Don’t forget Remote Desktop Services… Old School VDI…

September 30th, 2016

Chris Minnis
Enterprise Architect

Just over 20 years ago, Citrix released WinFrame, as one of the first alternatives to traditional desktops. Even back then, we wanted to free employees from working at a desk! Back then, Citrix licensed Windows NT 3.51 from Microsoft and altered that code to deliver the Multi-User Kernel. Citrix was so successful, Microsoft changed the agreement so that they could license that kernel from Citrix and release Windows NT 4, Terminal Server Edition in 1996. Let that sink in for a moment… At the same time, that’s when access to the internet really begins to take off. Windows95 is released as well, as the desktop operating system’s first true alternative in Terminal Services. Twenty years later, Windows95 has led to Windows10 and NT4 Terminal Services has become Remote Desktop Services on Windows Server 2012.

Remote Desktop Services (RDS) isn’t all that different from Citrix XenApp…Now, don’t get too excited here. I’m not telling you not to buy Citrix, or that you don’t need it. I’m just here to remind you that RDS is awfully good by itself, and to make sure you need to add something like Citrix, and to not just assume RDS falls short in some way. To that end, let’s take a look at how Terminal Services has grown up and into RDS.

There are the Old School features we should all know:

  • Multi-user kernel for Windows Server
  • – – Multiple users simultaneously executing desktops and/or applications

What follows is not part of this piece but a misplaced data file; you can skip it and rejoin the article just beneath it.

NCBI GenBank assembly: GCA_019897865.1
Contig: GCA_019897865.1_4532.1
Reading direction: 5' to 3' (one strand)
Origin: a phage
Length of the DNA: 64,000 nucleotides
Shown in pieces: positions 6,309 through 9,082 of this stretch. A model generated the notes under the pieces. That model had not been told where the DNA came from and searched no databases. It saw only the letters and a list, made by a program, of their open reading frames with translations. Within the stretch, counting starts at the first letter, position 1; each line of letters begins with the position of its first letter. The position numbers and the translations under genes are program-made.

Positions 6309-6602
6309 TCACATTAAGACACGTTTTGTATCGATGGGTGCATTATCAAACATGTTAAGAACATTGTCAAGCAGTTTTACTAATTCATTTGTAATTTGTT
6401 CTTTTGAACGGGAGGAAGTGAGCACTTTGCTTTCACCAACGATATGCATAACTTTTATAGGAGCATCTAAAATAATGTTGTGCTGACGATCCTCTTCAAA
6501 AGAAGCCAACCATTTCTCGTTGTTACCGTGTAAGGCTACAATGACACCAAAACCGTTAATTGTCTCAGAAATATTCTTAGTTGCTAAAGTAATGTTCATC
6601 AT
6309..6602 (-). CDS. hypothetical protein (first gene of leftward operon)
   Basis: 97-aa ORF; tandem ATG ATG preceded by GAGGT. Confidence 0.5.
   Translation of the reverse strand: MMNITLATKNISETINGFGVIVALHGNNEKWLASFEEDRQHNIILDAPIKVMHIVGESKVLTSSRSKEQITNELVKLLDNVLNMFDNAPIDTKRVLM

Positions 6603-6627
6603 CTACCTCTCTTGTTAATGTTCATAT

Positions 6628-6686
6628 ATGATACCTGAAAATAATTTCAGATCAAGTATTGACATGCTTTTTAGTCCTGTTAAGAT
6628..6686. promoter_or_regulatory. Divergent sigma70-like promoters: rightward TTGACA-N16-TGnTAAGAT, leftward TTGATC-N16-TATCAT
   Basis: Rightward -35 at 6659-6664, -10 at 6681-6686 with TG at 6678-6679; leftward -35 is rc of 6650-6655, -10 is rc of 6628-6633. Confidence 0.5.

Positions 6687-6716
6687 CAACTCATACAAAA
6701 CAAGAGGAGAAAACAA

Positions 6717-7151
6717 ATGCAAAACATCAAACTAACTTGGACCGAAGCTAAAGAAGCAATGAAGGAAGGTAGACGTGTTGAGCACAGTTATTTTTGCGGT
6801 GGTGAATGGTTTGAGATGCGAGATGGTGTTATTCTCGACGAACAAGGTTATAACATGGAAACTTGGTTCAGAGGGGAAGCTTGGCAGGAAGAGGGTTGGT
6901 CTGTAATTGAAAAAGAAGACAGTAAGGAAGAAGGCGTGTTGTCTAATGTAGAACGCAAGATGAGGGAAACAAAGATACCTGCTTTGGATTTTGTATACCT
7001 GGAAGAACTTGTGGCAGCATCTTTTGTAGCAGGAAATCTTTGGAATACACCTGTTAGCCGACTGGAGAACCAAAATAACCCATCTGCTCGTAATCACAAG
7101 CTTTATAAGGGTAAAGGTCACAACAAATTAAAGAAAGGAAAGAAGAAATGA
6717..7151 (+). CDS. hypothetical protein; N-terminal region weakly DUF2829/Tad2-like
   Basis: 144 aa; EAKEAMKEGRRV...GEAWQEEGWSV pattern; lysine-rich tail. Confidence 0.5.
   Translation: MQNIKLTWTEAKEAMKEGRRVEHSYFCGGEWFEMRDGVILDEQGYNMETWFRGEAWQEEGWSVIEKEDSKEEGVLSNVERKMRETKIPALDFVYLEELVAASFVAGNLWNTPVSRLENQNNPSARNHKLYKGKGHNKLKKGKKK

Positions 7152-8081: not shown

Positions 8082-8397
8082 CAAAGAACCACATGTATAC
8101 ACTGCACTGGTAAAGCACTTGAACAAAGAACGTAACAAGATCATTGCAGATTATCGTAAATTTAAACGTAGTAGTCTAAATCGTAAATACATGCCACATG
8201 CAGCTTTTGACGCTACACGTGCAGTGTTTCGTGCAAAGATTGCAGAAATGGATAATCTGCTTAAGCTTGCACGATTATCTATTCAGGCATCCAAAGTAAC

• Great for small ROBO/SOHO remote access to one application
  • Great for the occasional need to work from home

Some of the common pains were performance over slow connections, printer management, and scalability. Over the years, features have been added that you might not be fully aware of. Let’s look at a list of those:

  • Application publishing looks like you’d expect… single app undiscernible from local execution
  • – – Gateway and Web Access provide a great way for end-users to interface with the desktops and applications they have access to
  • RDP isn’t the only protocol… RDP is better than before, but RemoteFX is even better
  • User personalization… What was profiles has become profile disks, much better
  • Policies… Every release of Windows Server includes massive updates to Active Directory, and group policies receive the same attention
  • Session Virtualization… Having a shared experience for the entire company, or a group within the company, can be achieved, so there are new configuration options available
  • Fairshare… Prevents one session from negatively impacting the performance of another session
  • RemoteApp and Desktop Connection… Can deliver the ultimate integration with traditional desktops and their start menus

So, what does this all mean to you? Don’t forget that Microsoft licenses software from Citrix via an agreement that has been renewed periodically and lasted over 20 years now. When you begin thinking about different ways to approach your employees and their desktops, don’t forget Remote Desktop Services that comes as a Windows Server service. We often think we have to jump directly into a Citrix XenApp/XenDesktop and/or VMware Horizon, and we might not need to, or there may be years of transition. Remote Desktop Services in Windows 2016 will deliver further enhancements (primarily tied to Cloud or Azure).

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